What is global health exactly? Global health focuses on the health needs of populations worldwide. It has both a medical and a policy dimension. If you were to define global health as a field of study, it draws on a variety of disciplines, from economics, environmental science, epidemiology, sociology, and many others. 

Global health takes up problems that are core to medicine, such as how tropical parasites impact rural populations. But it also considers larger contexts, such as how income inequality influences health outcomes.

Researchers from countries around the world contribute to our understanding of global health. One of the most important international agencies for global health is the World Health Organization (WHO). The WHO was established in 1948 under the auspices of the United Nations. It brings together people from more than 150 countries to address global health.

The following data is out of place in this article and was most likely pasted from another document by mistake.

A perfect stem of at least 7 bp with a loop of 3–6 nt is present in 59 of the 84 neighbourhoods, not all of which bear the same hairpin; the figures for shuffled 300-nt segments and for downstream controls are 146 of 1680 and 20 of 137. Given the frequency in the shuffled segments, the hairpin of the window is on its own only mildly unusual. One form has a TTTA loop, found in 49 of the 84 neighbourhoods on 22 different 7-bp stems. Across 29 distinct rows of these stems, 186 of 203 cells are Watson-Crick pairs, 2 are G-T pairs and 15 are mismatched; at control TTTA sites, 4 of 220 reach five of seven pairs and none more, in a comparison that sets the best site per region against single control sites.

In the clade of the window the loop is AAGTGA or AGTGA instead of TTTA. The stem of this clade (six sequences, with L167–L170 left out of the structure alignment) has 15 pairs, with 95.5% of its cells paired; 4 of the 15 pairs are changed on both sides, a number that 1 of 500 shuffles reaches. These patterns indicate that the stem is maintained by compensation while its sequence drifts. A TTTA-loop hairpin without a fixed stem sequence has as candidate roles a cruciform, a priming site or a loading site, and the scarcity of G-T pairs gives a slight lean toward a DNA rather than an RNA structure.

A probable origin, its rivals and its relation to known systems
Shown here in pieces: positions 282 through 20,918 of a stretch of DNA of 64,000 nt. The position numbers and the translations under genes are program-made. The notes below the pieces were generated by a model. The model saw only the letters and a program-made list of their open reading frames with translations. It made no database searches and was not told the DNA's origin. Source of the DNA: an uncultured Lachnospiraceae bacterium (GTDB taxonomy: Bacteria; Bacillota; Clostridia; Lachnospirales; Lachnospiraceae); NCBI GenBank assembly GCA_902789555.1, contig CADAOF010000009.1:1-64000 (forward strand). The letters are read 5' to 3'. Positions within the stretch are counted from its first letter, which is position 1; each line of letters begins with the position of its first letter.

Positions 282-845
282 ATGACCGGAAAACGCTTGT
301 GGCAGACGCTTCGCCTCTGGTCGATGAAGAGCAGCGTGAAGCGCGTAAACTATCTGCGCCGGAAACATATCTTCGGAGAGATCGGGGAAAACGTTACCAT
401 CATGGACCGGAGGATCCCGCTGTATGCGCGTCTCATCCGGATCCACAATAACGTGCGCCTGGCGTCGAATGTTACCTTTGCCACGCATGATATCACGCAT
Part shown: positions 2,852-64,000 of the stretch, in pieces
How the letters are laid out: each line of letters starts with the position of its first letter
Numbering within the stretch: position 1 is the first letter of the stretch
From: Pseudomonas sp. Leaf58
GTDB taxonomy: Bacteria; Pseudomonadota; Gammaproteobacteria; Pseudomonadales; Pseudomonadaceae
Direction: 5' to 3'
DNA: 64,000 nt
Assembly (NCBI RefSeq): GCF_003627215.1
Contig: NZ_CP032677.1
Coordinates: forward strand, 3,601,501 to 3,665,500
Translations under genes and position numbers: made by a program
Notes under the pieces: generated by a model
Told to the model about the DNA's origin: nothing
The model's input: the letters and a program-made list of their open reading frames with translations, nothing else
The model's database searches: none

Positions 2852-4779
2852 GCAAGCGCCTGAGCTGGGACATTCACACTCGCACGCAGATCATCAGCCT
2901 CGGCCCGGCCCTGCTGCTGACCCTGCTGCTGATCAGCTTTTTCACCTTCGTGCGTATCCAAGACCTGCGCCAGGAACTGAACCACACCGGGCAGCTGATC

Why is Global Health Important?

Global health is ultimately important because our world is ever more connected, and our health as individuals is impacted by emerging global health issues and trends. The vast increase in global trade and travel in recent decades has linked nearly all the world. There are many benefits, but there are also new challenges. These take the form of infectious diseases and pandemics, such as COVID-19, but also less obvious challenges, such as healthcare in war zones and chronic diseases in wealthier countries.

Current Global Health Challenges 

There is no single list of global health issues, though the WHO lists 13 urgent global health problems. Here we will focus on half a dozen of the most pressing global health challenges.